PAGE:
There’s over 800km of caves lying below the mountain we were riding through, built from 1665 onwards until the end of the 19th century, when digging lead ore was stopped. Many of the mining tools still remain behind though, dulled with rust and hanging from cavern walls with an ominous peculiarity.

We briefly stop at a drainage grill built into the tracks, where Anej throws a rock down to fall slowly to the mine floor. It clatters off the cave walls and metal framework for an unpropitious period of time before hitting the mine floor far, far below.

The sound recalls that which rung around the Mines of Moria after Peregrin Took sent a skull flying downwards in Lord of the Rings, though thankfully we weren’t met by a goblin army, a Balrog or an angry ginger dwarf out for the vengeance of his forefathers when we continued on with our journey.

It wasn’t all jokes, stories and shouting J.R.R Tolkien quotes though. At times we were forced to dismount from the bike, such was the severity of the claustrophobia thrust upon you in the caves.

Any one six foot or over could get their head taken off with relative ease down there if they weren’t careful. An anxious atmosphere is a pressing probability for much of the ride as a consequence, not knowing what’s coming next or when the path will open back up, if at all.

When we fall a little bit behind after stalling for photographs, it’s a mad dash to catch up with the rest of the group before we get lost. One turn off is improvised, but thankfully it’s the right one we choose and we soon regroup with the rest of the pack. Crisis averted.

Continuing on, we make turn after turn to be greeted with yet more dark and eldritch trail as we learn that we are indeed getting near to the exist.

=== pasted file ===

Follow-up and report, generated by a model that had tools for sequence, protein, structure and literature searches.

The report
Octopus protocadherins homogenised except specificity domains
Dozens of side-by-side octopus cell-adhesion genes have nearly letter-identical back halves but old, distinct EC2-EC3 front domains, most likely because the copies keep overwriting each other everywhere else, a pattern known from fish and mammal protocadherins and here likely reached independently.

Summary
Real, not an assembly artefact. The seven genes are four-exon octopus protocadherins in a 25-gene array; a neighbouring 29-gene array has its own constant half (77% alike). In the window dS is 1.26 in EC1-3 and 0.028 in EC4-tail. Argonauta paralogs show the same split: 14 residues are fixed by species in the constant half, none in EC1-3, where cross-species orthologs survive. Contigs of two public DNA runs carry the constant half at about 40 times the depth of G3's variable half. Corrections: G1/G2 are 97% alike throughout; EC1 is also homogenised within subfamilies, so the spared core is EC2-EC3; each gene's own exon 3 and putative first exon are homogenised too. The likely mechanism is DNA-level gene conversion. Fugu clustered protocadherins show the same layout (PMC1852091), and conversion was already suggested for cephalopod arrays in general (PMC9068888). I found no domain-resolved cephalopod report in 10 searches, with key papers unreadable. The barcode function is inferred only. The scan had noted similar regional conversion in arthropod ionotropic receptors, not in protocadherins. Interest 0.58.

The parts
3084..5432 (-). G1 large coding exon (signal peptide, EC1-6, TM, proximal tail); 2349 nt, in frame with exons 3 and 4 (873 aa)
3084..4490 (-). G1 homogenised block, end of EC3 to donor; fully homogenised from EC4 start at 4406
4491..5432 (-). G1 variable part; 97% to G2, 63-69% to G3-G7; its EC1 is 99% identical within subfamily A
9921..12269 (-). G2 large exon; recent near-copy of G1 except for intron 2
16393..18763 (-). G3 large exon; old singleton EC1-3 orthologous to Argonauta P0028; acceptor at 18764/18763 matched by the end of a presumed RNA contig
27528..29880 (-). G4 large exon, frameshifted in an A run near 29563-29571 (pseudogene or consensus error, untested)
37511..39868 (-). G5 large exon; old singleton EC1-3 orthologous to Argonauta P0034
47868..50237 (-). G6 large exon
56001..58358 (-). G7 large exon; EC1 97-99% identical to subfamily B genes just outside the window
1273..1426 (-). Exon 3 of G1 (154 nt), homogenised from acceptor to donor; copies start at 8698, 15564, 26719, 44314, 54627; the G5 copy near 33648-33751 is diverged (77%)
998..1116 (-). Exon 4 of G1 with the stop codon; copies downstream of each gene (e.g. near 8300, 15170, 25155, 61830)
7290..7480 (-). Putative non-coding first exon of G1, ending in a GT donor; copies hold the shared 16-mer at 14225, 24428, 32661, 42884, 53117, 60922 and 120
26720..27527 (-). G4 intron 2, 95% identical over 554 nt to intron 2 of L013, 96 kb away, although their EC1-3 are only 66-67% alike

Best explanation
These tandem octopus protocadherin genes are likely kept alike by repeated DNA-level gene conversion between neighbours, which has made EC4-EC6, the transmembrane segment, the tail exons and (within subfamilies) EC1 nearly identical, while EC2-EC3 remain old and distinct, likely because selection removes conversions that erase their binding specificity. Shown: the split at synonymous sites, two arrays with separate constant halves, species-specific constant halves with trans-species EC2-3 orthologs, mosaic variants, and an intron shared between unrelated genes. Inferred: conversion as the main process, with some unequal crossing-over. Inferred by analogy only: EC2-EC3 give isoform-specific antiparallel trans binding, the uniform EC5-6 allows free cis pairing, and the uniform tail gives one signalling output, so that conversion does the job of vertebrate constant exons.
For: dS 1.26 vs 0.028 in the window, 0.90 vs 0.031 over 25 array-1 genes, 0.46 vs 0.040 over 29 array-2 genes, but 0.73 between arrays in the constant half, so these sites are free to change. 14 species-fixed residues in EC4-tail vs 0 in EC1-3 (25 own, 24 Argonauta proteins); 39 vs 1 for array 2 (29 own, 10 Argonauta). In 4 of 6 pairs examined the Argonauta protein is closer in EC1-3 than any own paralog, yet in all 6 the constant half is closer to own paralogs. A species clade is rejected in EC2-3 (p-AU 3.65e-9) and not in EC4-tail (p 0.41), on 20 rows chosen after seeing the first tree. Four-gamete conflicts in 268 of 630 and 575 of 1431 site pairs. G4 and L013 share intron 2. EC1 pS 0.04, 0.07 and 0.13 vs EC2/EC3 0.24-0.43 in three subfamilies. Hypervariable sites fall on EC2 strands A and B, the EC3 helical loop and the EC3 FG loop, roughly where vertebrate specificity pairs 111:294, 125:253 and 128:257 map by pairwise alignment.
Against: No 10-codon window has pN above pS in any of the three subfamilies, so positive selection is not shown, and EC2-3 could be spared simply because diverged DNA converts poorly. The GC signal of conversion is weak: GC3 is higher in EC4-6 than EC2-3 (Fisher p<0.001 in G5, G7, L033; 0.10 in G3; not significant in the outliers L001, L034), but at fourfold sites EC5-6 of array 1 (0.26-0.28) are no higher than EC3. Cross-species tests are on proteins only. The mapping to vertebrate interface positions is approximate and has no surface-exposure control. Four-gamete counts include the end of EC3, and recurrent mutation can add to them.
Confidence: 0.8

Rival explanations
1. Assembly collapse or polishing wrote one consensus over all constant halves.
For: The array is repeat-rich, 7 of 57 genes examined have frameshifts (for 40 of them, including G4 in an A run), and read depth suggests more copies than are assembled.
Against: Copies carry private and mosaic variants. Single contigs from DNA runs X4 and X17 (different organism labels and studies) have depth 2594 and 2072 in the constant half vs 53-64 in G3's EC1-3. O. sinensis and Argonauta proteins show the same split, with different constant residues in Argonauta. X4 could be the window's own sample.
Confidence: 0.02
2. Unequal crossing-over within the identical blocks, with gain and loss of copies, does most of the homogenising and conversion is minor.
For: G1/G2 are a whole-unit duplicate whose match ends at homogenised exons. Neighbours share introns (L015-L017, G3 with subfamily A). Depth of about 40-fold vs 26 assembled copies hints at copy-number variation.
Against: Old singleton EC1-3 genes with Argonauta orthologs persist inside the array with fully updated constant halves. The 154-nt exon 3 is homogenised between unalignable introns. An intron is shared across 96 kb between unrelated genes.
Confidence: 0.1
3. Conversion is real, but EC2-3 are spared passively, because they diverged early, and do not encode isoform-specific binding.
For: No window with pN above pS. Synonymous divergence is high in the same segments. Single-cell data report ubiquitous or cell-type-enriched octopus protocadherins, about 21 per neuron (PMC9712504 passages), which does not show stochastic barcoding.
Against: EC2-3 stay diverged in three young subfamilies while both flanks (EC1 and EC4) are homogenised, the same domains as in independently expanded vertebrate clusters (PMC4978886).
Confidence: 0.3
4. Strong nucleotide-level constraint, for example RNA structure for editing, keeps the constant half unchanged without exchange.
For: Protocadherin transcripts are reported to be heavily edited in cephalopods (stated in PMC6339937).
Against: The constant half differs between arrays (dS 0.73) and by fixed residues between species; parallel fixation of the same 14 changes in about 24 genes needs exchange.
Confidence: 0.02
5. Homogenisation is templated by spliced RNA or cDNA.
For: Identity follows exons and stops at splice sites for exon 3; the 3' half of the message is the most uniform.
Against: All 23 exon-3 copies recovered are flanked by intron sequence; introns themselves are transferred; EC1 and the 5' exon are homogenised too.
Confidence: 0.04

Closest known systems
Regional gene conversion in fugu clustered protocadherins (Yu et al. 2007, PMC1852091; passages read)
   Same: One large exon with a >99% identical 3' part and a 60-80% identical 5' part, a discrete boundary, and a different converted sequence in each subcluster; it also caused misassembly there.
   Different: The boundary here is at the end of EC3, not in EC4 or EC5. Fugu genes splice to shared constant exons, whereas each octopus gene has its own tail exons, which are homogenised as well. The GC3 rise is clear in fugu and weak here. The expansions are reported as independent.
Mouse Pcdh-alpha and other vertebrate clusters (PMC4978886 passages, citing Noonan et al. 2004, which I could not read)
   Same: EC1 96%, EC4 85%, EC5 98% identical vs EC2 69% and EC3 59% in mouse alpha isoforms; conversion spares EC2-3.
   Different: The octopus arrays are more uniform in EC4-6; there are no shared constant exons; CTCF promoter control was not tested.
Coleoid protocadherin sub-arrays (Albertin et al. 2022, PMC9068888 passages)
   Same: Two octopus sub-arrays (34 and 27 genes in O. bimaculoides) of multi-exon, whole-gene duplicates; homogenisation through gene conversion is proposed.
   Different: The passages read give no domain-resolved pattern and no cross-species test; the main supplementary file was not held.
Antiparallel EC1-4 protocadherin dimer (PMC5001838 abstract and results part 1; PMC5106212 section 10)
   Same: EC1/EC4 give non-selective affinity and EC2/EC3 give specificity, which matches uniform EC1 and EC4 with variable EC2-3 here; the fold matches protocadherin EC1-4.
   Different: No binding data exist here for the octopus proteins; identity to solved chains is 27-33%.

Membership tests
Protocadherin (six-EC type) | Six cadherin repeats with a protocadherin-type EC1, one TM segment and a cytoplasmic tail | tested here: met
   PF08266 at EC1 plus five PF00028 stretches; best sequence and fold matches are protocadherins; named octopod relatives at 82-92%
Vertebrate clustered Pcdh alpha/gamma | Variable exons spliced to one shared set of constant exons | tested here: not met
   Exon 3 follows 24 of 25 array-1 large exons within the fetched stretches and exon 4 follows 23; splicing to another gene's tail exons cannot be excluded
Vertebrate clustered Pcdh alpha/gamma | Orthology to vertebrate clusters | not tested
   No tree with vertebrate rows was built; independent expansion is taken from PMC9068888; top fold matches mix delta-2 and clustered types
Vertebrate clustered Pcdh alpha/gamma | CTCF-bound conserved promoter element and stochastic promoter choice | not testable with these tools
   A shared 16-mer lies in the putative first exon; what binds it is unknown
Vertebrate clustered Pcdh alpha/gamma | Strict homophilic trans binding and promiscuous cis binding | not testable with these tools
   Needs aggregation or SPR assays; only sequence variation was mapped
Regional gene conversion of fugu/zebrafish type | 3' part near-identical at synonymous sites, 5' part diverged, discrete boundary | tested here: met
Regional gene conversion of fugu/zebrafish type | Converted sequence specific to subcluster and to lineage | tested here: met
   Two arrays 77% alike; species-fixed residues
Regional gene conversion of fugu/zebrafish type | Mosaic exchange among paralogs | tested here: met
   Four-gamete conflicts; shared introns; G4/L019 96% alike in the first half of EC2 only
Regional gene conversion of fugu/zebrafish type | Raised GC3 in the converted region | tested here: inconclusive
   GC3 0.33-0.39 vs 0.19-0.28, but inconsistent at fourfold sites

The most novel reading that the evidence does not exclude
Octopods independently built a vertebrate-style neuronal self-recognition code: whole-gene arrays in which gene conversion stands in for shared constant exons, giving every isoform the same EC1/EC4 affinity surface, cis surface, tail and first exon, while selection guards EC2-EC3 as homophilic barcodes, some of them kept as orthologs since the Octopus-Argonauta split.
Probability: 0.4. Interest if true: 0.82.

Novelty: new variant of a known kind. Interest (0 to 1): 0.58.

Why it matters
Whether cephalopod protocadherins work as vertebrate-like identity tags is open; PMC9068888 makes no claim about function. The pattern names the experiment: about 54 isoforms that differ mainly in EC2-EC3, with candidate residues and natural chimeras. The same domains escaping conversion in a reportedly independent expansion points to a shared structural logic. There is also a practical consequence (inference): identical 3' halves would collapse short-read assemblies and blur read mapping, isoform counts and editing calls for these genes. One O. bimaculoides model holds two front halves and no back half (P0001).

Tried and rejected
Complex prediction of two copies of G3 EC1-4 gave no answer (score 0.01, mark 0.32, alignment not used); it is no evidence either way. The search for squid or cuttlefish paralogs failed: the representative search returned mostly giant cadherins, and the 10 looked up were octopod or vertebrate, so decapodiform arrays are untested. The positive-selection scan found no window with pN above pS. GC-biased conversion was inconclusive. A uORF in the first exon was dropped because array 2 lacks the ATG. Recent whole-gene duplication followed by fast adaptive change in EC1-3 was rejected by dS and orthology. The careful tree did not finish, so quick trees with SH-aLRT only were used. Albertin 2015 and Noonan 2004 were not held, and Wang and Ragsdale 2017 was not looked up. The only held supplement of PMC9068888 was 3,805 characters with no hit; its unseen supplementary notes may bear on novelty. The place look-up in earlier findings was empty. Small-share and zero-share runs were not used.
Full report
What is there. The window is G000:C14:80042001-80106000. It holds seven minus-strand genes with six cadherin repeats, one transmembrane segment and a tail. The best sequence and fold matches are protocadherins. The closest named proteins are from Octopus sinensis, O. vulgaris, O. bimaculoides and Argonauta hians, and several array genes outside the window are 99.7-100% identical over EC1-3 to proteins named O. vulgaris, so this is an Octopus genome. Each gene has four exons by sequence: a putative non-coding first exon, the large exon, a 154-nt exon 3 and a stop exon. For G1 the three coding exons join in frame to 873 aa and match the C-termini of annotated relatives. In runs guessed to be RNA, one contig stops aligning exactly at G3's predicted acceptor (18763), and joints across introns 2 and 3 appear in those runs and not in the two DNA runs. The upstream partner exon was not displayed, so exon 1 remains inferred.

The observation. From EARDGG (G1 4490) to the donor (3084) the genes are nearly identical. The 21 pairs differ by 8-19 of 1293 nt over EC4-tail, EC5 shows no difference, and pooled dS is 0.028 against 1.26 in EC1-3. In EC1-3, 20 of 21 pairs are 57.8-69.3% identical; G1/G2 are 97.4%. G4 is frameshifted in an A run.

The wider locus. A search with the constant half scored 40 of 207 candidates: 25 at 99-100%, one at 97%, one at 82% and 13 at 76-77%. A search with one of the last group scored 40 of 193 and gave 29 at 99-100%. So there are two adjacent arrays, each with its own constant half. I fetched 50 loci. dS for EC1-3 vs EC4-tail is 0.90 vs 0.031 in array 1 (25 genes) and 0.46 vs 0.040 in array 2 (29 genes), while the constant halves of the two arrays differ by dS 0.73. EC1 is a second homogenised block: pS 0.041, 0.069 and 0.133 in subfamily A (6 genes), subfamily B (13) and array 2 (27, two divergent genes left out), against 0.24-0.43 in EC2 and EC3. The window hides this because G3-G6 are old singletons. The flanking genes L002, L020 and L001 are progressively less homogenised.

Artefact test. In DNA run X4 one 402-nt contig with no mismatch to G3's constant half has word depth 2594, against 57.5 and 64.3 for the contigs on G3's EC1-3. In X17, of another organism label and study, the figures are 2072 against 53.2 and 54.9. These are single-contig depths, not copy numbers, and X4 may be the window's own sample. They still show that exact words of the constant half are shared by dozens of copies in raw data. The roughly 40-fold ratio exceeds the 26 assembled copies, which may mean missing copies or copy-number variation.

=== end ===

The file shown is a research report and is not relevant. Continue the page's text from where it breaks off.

Occasionally, water splashes us from nowhere; concealed puddles of blackness on the floor providing a frosty bath while you’re still on the saddle. We learn that the place often floods below the trail, and was indeed flooded when the guys first tested it out on a bike. Apparently you can even head out on a kayak if you delve far enough into the mine, but that seems like another adventure for another day.

A small light eventually appears at the end of the tunnel, and subsequent to a slightly concerning period spent rustling for keys, a rusty gate releases us back into the outside world.

The natural landscape of the Slovenian mountains couldn’t contrast any more with the dark distinction of the caves. After an hour and a half underground, returning to the sun, the warmth and the stunning greenery was like riding out of the uncanny and returning to Earth.

The murky atmosphere certainly provided an abundance of change to the usual surroundings you see on two-wheels; sun and light traded for chilling darkness, dirt and mud traded for gravel and water, the great feeling of openness chucked out the window for confinement and claustrophobia.

It’s not a change that anyone would want to make permanently, but it’s certainly one which makes for an essential one-off experience, taking the obscurity of night riding and amplifying it into the preternatural.

One thing is for sure, it’s another box worth ticking for those who want to look back on a bucket list a little more unique than the average.